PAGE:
In addition to her own research with C3, Rachael works as an Engagement and Project Coordinator for the Deep Green Biotech Hub. Her role involves supporting and engaging with small businesses and startups working in sustainability, collaborating with a small team to deliver internal and external high-impact events, and collaborating with internal and external partners to champion the innovation ecosystem in NSW.
Rachael is a talented research in her own right, and in addition has a demonstrated history of working in science and sustainability engagement, environmental education and science communication. To each of her roles, she brings an endless enthusiasm, an openness and desire to learn from and help others, and a creative and critical mind.
> Impact and benefits
The NSW Deep Green Biotech Hub works to connect NSW-based businesses with cutting-edge algae biotechnology research, so they can collaborate to build a more sustainable future. An important part of the work is to educate the public about the exciting possibilities and endless potential applications for algae biotechnology – helping to solve some of our most wicked sustainability challenges. Rachael’s communication skills and work help to maximise this impact.
One of the specific contributions she brings is communicating science to young people, as well as people with little formal scientific knowledge. This July she heads off to the Splendour in the Grass music festival to help staff the Deep Green Biotech Hub Tent at the Festival, as one of the centre’s featured scientists. At this major national event, she will be talking directly to music festival goers about the exciting potential of science and algae to solve some of the planet’s most intractable problems. As a young science communicator, one of the most significant impacts Rachael has is inspiring young people to get involved in science.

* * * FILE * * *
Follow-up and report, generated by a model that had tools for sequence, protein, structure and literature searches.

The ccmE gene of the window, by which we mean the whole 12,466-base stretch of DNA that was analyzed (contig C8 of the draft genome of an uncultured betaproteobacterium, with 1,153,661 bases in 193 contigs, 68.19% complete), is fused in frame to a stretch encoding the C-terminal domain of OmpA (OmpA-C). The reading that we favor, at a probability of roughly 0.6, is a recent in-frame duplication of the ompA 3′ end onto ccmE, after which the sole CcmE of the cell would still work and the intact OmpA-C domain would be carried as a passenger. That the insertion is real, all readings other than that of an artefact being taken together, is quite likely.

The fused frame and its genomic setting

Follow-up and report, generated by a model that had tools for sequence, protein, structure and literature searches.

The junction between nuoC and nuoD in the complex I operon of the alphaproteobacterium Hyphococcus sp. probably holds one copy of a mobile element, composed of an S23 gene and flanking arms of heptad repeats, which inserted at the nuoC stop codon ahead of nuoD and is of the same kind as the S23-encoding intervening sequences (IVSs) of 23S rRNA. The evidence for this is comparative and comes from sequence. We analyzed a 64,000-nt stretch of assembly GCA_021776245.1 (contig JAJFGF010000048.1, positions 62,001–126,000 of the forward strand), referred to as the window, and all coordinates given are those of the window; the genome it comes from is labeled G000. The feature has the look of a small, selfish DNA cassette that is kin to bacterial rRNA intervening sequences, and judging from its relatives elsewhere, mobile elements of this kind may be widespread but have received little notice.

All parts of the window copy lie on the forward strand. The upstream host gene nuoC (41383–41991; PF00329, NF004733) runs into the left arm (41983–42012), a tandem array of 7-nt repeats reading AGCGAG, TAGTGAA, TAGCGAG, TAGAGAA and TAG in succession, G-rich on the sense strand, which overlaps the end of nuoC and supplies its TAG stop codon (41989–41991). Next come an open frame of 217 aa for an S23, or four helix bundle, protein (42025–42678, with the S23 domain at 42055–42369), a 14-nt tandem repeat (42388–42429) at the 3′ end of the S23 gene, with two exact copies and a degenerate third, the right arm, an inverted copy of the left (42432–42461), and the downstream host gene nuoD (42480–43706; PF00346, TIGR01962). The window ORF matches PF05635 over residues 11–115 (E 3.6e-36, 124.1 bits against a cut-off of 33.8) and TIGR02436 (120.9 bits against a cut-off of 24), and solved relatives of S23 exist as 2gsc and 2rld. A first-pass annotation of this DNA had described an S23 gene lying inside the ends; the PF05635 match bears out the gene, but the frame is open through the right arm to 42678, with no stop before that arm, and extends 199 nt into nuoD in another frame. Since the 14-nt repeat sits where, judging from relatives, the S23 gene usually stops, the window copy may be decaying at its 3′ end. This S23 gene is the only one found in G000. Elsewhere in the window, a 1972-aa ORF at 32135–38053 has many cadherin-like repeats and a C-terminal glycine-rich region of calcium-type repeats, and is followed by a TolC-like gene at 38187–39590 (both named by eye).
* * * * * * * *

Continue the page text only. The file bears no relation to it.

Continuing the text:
Rachael’s role at Deep Green BioTech Hub involves supporting and engaging with small businesses and startups working in sustainability and algae biotechnology, helping to support and nourish the development of the algae-based biotech industry in Australia. The potential benefits from algae are huge from sustainable fuels and food to industrial chemicals, cosmetics and CO2 drawdown.
In her own research, the main benefits are understanding the costs and benefits of coral propagation and planting at high-value tourism sites on the Great Barrier Reef, to inform reef management actions that sustain socioecological resilience in a changing ocean. The Coral Nurture Program (CNP) partners with tourism operators and traditional reef owners, to provide new tools to deliver local site stewardship. Before the Program, tourism operators could undertake stewardship activities such as reef monitoring and the removal of coral pests like the Crown of Thorns Starfish but were unable to propagate coral to enhance site recovery and longer-term resilience. Building coral propagation-based stewardship capacity by reef tourism helps diversify conservation practices and therefore a more resilient industry.